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 Table of Contents    
CASE REPORT
Year : 2017  |  Volume : 10  |  Issue : 2  |  Page : 106-108  

Corneal ring infiltration in contact lens wearers


Eye Research Center, Farabi Eye Hospital, Tehran University of Medical Sciences, Tehran, Iran

Date of Web Publication29-Jun-2017

Correspondence Address:
Mohammad Soleimani
Eye Research Center, Farabi Eye Hospital, Tehran University of Medical Sciences, South Kargar Street, Qazvin Square, Tehran
Iran
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Source of Support: None, Conflict of Interest: None


DOI: 10.4103/0974-620X.209109

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   Abstract 


To report a case of atypical sterile ring infiltrates during wearing soft silicone hydrogel contact lens due to poor lens care. A 29-year-old woman presented with complaints of pain, redness, and morning discharge. She was wearing soft silicone hydrogel contact lens previously; her current symptoms began 1 week before presentation. On examination, best-corrected visual acuity was 20/40 in that eye. Slit-lamp examination revealed dense, ring-shaped infiltrate involving both the superficial and deep stromal layers with lucid interval to the limbus, edema of the epithelium, epithelial defect, and vascularization of the superior limbus. Cornea-specific in vivo laser confocal microscopy (Heidelberg Retina Tomograph 2 Rostock Cornea Module, HRT 2-RCM, Heidelberg Engineering GmbH, Dossenheim, Germany) revealed Langerhans cells and no sign of Acanthamoeba or fungal features, using lid scraping and anti-inflammatory drops; her vision completely recovered. We reported an atypical case of a sterile corneal ring infiltrate associated with soft contact lens wearing; smear, culture, and confocal microscopy confirmed a sterile inflammatory reaction.

Keywords: Contact lens, keratitis, ring infiltration


How to cite this article:
Tabatabaei SA, Soleimani M, Johari M. Corneal ring infiltration in contact lens wearers. Oman J Ophthalmol 2017;10:106-8

How to cite this URL:
Tabatabaei SA, Soleimani M, Johari M. Corneal ring infiltration in contact lens wearers. Oman J Ophthalmol [serial online] 2017 [cited 2019 Dec 8];10:106-8. Available from: http://www.ojoonline.org/text.asp?2017/10/2/106/209109




   Introduction Top


A number of different inflammatory stimuli such as microbial infection, mechanical, or thermal injury, and an immune hypersensitivity response can produce corneal infiltration; corneal infiltrates are serious complications associated with contact lens wear. They can range from a small infiltrate with or without an associated epithelial defect to a large corneal ulcer with active microbial involvement.[1] Distinguishing noninfectious sterile infiltrates from infected microbial keratitis is often difficult.[2] The most common symptoms related to sterile infiltrates are redness, foreign body sensation, discomfort rather than pain, photophobia, and lacrimation. Furthermore, there is no purulent discharge.[3] Corneal ring infiltrates have been reported to occur in infections with a variety of organisms. These include Acanthamoeba, Gram-negative Bacilli like Pseudomonas aeruginosa or  Moraxella More Details, herpes simplex virus, varicella-zoster virus, and fungi as well as immunity-related conditions such as rheumatoid arthritis. Corneal ring infiltrates are most consistently associated with Acanthamoeba keratitis, especially in contact lens wearers.[4]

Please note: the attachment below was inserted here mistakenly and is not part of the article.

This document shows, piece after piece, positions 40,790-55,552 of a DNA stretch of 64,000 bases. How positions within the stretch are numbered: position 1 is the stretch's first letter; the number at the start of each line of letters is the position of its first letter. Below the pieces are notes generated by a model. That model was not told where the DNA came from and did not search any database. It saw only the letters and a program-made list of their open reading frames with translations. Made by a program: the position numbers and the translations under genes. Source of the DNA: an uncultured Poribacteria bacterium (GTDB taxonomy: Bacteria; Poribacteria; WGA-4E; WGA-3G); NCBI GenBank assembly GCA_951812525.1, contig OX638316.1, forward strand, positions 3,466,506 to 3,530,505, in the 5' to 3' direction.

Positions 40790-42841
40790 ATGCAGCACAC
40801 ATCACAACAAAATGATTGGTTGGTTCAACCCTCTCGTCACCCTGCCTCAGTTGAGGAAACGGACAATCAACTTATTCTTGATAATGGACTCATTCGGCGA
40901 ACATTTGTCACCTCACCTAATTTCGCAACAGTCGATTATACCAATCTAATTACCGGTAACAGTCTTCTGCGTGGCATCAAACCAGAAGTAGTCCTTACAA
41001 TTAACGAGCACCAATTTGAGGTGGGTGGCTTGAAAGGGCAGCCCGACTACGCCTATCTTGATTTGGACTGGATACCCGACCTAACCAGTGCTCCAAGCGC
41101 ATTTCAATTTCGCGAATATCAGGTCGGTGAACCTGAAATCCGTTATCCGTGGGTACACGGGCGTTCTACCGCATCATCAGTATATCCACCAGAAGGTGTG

Herein, we are reporting a case with noninfectious ring infiltration, emphasizing the importance of thinking about sterile infiltrations in contact lens wearers.


   Case Report Top


A 29-year-old woman presented to the emergency ward with complaints of left eye pain, redness, and morning discharge. Her medical history was significant for wearing soft silicone hydrogel contact lens previously; her current symptoms began 1 week before presentation. On examination, best-corrected visual acuity was 20/20 in the right eye and reduced to 20/40 in the left eye. Slit-lamp examination in the left eye revealed dense; ring-shaped infiltrates involving both the superficial and deep stromal layers with lucid interval to the limbus and edema of the epithelium and vascularization of the superior limbus. There was moderate cilliary injection for 360° peripherally around the affected area, and there was an epithelial defect, which over coated the infiltration [Figure 1]. The right eye examination showed 2 mm × 2 mm marginal corneal stromal infiltration with lucid interval to the limbus. There was no hypopyon in the anterior chamber, but fine diffuse keratic precipitations on the cornea; other ocular and systemic examinations were normal. Contact lens wearing was promptly discontinued. The corneal smear and culture of the both eyes were negative for bacteria and fungi. Cornea-specific in vivo laser confocal microscopy (Heidelberg Retina Tomograph 2 Rostock Cornea Module, HRT 2-RCM, Heidelberg Engineering GmbH, Dossenheim, Germany) was done for both eyes; confocal microscopy revealed brightly, finely branching reflective structures with cell bodies at the epithelial and stromal level which were characteristic for Langerhans cells, and no sign of Acanthamoeba or fungal features was seen [Figure 2].
Figure 1: The left eye slit photograph during early examination

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Figure 2: Confocal scanning of the eye

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Preservative-free artificial tears were prescribed once an hour, topical preservative-free levofloxacin six times a day and eyelid scraping were also prescribed; she was scheduled for daily outpatient follow-up appointments. After a week, the patient's condition was stable, mucopurulent discharge and ocular pain were completely improved but stromal ring infiltration remained the same, so loteprednol etabonate eye drop applied four times daily was added to control the inflammatory component then the patient was seen weekly. At the 4-week follow-up visit, stromal deep infiltration in both eyes was decreased and started to fade-out. Best-corrected visual acuity improved to 20/20 in both eyes.